It certainly was not his intention. Yet it appears that Daniel Vasella, the former Novartis chairman who earned CHF300m (€245m) under the current system of executive pay at listed Swiss companies, was instrumental in the downfall of that system.
In a referendum yesterday, the Swiss overwhelmingly (68%) approved a grass roots initiative that radically reforms that system. The vote means that Switzerland will give shareholders the right to decide executive pay and be the first country to ban recruitment bonuses and severance (i.e. “golden parachutes”) for executives. The initiative is the brainchild of Thomas Minder, a small businessman who now serves as an MP in the Swiss upper house. He and Brigitta Moser-Harder, a small shareholder activist, had been campaigning on the issue since 2006.
“That an issue so controversial as this was decided with such a huge majority is nothing less than historic,” said Michael Hermann, head of Sotomo, a political think-tank in Zurich. “It’s even more astounding when you consider that Switzerland’s business elite and portions of the political elite were dead set against it.”
Indeed, until the Swiss learned two weeks before the referendum that Vasella was to get a non-compete contract worth CHF78m (€58m), the business elite may well have managed to blunt the Minder campaign.
In late January, a poll reflected that an expensive PR operation by Swiss business lobby economiesuisse was undermining Minder. Support for his initiative had been whittled down to just 54% from 77% last summer. And many Swiss were still undecided.
But Hermann and other experts said the public outcry over Vasella’s golden parachute – which was later withdrawn – sealed victory for the initiative. “I think it’s clear that the latest controversy over Vasella put its supporters over the top,” said Dominique Biedermann, chief executive of Ethos, the Swiss proxy advisor backed by pension schemes.While Biedermann hailed the result, he reiterated Ethos’ stance that the government’s counter-proposal would have been better as it permits shareholders to vote on how executive pay is structured. That proposal would have taken effect if the initiative had not been adopted.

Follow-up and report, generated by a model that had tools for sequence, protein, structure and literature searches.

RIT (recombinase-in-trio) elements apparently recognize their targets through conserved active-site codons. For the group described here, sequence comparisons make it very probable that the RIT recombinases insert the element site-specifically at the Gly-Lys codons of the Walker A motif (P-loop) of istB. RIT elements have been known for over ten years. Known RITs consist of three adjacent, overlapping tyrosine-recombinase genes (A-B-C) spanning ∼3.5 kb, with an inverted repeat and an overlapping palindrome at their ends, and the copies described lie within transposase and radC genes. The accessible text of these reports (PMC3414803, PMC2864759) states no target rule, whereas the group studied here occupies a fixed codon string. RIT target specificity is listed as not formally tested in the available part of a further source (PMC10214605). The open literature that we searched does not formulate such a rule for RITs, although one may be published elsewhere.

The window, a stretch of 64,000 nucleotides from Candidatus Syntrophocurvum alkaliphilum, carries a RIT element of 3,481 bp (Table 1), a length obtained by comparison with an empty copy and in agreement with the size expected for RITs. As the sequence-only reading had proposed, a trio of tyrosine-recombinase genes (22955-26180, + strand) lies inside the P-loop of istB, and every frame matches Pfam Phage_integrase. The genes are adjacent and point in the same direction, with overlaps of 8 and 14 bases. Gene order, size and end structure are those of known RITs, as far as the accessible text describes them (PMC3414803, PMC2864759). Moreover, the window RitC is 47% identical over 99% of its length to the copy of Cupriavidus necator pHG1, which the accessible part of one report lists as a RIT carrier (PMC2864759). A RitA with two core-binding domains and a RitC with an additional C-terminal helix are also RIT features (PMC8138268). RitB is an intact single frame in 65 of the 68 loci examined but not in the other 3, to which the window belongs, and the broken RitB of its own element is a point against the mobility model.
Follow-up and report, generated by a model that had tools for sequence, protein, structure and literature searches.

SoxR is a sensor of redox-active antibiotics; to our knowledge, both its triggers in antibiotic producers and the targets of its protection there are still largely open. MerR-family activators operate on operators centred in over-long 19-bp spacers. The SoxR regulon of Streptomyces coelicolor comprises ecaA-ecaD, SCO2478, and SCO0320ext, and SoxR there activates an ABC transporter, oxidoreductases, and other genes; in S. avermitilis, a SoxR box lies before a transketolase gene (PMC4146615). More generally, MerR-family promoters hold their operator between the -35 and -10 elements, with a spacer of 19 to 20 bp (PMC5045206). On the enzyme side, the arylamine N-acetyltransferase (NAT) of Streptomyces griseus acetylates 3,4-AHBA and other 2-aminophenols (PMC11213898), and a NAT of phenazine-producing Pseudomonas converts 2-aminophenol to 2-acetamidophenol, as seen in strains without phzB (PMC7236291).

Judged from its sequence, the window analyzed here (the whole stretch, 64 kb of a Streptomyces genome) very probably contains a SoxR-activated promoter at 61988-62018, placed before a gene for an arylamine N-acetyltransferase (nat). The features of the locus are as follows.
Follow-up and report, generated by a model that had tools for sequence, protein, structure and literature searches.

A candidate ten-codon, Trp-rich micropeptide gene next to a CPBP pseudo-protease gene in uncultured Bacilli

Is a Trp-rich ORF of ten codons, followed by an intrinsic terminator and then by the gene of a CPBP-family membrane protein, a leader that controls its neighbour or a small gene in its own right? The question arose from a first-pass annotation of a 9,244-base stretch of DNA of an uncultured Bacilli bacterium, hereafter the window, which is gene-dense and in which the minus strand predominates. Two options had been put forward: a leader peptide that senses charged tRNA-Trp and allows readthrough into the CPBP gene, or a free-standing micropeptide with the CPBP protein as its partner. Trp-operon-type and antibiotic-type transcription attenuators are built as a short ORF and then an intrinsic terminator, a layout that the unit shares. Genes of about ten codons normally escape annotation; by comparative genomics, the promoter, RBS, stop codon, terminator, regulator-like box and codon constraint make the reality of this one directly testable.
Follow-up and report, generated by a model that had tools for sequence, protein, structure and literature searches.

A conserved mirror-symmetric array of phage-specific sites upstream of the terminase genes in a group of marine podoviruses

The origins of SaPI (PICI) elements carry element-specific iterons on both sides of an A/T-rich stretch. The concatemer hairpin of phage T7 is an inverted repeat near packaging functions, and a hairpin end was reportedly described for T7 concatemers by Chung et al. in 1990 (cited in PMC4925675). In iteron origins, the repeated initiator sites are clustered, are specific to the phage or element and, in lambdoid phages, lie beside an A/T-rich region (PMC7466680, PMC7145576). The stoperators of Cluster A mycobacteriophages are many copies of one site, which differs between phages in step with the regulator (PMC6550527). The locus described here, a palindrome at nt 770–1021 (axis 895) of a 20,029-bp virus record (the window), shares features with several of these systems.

Beyond the resounding support for Minder, the referendum’s other surprise is how silent economiesusse has fallen. Prior to the vote, the business lobby went to great lengths to defeat it. This included raising CHF8m from its members for the PR campaign and repeatedly warning of a possible exodus of listed Swiss firms. Economiesuisse even commissioned a film that depicted Switzerland as an economic wasteland fifteen years after the adoption of the Minder initiative. The film was never shown.
Yet when it emerged on Sunday afternoon that the lobby had lost, the lobby issued a statement that made no further mention of a possible exodus. Instead, it merely reminded the public that its role was to advocate “business friendly policies,” regardless of whether they were popular or not.
According to Moser-Harder, economiesuisse’s silence is a recognition that Switzerland’s biggest firms will not leave the country now that the initiative has been adopted. “That was just scaremongering. The fact is that firms such as Syngenta, ABB, Schindler, Zurich, Roche and Sulzer have all ruled out moving their headquarters to get around the new rules,” she told Responsible Investor. Biedermann agreed that Swiss firms that operate internationally would not quit the country. “The advantages that Switzerland offers them – infrastructure or low taxes for example – far outweigh any consequences of the Minder initiative,” he said.
However, Biedermann worries that some firms that are partly owned by their family founders may delist over Minder’s initiative. “That would be a problem, because if these firms then need financing from private equity investors, they may struggle. The reason is of course that such investors put more pressure on firms to maximise returns,” he said.